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Google Book Ruling ‘Excellent’ For Learning, Goal of Copyright Law: John Marshall Law School Intellectual Property Professor

November 14, 2013

Google, Inc.’s win Thursday in a lawsuit over the company’s posting millions of books online is a win for authors and the goal of learning, according to an intellectual property professor at The John Marshall Law School in Chicago.

(PRWEB) November 14, 2013

Google, Inc.’s win Thursday in a lawsuit over the company’s posting millions of books online is a win for authors and the goal of learning, according to an intellectual property professor at The John Marshall Law School in Chicago.

William McGrath, associate director of John Marshall’s Center for Intellectual Property Law and a partner at Davis McGrath LLC, said: “This decision is an excellent example of a court achieving the ultimate goal of copyright law – to promote the dissemination of knowledge and the advancement of learning. The Google books technology is a wonderful tool that has opened up huge advances in the ability to search complete texts. It was a bold move for Google to proceed with this project back in 2004, and the court’s opinion validates Google’s decision.”

A judge in the U.S. District Court in Manhattan ruled against the Authors Guild, Inc., saying that Google did not violate copyright laws and that its scanning of more than 20 million books was protected by fair use standards.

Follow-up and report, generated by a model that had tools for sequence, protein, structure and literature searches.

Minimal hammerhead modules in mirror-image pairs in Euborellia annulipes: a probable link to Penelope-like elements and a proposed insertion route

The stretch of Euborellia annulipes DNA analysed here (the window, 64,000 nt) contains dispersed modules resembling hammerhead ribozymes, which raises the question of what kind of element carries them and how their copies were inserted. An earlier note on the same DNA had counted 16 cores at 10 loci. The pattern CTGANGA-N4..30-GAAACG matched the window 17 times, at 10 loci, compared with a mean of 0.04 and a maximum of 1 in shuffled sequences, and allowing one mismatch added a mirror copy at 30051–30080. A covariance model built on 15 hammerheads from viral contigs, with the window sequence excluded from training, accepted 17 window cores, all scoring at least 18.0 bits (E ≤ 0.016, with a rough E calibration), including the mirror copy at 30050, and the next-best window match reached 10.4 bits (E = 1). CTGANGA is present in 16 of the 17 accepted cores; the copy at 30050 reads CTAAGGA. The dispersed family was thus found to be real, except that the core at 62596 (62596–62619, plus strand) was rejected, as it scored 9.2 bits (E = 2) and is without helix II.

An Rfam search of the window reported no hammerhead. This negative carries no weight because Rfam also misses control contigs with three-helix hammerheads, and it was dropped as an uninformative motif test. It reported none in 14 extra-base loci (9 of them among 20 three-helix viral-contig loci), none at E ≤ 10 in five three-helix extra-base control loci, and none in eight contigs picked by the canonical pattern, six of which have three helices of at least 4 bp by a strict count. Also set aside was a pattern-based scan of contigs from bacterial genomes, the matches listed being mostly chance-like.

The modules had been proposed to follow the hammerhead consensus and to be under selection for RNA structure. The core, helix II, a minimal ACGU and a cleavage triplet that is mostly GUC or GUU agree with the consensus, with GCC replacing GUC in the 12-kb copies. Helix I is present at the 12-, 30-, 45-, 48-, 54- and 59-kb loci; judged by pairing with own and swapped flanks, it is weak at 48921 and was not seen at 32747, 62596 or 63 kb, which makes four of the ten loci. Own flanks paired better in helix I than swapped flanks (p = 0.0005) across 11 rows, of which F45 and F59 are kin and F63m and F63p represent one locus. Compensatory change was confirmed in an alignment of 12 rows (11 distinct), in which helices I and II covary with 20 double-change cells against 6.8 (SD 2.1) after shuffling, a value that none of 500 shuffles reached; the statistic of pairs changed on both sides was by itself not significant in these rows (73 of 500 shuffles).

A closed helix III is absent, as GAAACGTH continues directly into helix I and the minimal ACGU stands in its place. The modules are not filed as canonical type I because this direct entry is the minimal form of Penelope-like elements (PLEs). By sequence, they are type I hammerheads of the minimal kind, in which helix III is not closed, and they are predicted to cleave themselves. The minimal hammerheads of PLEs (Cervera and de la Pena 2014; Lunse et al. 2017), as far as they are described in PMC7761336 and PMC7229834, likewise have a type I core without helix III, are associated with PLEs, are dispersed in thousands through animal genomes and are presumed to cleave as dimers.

McGrath said: “In concluding that this is a fair use under the Copyright Act, the court points out the many benefits of this technology in facilitating research, expanding access to old and out-of-print books, and benefiting underserved populations such as print-disabled individuals by allowing them to gain knowledge of and access to far more books. Google Books is not a tool used to read books, so it should not be expected to harm authors by usurping their market. If anything, it will benefit authors because it facilitates the purchase of books that researchers find using Google’s text-searching capabilities. Key to the court’s ruling is its finding that the digitization of the books is ‘transformative’ under the fair use doctrine, turning regular book text into searchable data.”

The judge’s ruling commended the benefits of Google’s book program, noting: “Indeed, Google Books has become such an important tool for researchers and librarians that it has been integrated into the educational system — it is taught as part of the information literacy curriculum to students at all levels.”

For more information about William T. McGrath, go to http://www.jmls.edu/directory/profiles/mcgrath-william/

Case information: The Authors Guild, Inc. v. Google, Inc. (1:05-CV-08136-DC)

For the original version on PRWeb visit: http://www.prweb.com/releases/2013/11/prweb11337135.htm


Source: prweb



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